It is, therefore, an object of the present invention to provide an image transfer sheet which can prevent the splitting of the developer layer during the transference of the developed image, which can minimize undesirable separation of the developer layer from the thermoplastic resin layer and which can give a clear, high quality image on an image receiving surface such as ordinary paper, a plastic film or a cloth.

In order to achieve the above and other objects, the image transfer sheet comprises a base sheet; an image forming layer formed on said base sheet for receiving an image which is to be transferred onto an image receiving material, said image forming layer including a binding material; and a thermoplastic resin layer formed on said image forming layer, including thermoplastic resin, wherein the binding material and the thermoplastic resin include a polymer having a common monomer component thereby the image formed on said image forming layer is transferred onto the image receiving material with said thermoplastic resin layer by applying heat thereto.

With the above-described structure, the image forming layer has improved flexibility, and the adhesion force between the image forming layer and the thermoplastic resin layer is improved since the binder of the image forming layer and the thermoplastic resin include a polymer having a common monomer component. By these expedients, splitting of the developer layer and separation of the developer layer from the thermoplastic resin layer can be prevented.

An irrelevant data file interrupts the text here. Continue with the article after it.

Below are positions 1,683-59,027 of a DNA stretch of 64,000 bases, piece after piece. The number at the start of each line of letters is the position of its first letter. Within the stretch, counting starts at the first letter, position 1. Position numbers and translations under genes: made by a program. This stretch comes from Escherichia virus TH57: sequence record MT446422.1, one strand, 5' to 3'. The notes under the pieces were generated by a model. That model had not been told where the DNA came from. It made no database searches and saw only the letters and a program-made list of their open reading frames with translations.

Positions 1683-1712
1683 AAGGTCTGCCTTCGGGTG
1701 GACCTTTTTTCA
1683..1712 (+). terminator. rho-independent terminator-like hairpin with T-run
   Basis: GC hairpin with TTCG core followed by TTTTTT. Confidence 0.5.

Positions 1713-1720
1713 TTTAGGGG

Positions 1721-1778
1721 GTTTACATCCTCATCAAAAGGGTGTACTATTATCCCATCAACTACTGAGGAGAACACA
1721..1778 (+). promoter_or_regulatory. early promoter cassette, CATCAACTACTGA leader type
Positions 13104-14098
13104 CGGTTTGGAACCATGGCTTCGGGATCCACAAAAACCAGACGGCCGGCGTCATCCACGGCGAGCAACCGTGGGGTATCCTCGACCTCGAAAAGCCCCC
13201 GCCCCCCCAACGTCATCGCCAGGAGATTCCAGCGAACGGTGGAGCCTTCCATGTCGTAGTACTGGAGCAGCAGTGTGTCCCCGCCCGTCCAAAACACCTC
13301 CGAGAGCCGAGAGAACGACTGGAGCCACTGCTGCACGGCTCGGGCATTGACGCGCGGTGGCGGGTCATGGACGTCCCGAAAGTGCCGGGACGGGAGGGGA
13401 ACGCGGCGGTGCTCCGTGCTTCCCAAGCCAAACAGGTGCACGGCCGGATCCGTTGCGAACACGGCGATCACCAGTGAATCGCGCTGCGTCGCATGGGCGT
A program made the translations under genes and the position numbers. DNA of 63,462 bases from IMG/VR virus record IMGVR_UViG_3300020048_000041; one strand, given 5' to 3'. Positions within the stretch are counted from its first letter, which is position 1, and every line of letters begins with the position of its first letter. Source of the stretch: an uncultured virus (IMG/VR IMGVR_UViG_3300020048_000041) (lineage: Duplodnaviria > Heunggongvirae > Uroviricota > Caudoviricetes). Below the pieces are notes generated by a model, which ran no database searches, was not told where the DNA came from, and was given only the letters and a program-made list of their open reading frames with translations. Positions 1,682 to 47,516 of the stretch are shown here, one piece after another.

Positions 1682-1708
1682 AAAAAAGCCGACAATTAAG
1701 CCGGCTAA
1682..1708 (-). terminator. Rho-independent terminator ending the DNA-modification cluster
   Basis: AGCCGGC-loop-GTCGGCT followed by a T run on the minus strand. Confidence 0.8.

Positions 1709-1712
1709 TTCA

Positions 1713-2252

BRIEF DESCRIPTION OF THE DRAWINGS

Other objects, features and advantages of the present invention will become apparent from the detailed description of the preferred embodiments of the invention which follows, when considered in light of the accompanying drawings, in which:

FIG. 1 is a sectional side view schematically showing an image transfer-type developer sheet according to the present invention;

FIG. 2 is a sectional side view schematically showing exposure of a photo-sensitive and pressure-sensitive recording medium for the formation of a latent image;

FIG. 3 is a sectional side view schematically showing the formation of a developed image on the image transfer-type developer sheet;

FIG. 4 is a sectional side view schematically showing transference of the developed image to an image receiving surface;

FIG. 5 is a sectional side view schematically showing the peeling away operation of the base sheet; and

FIG. 6 is a sectional side view schematically showing another embodiment of image transfer sheet according to the present invention.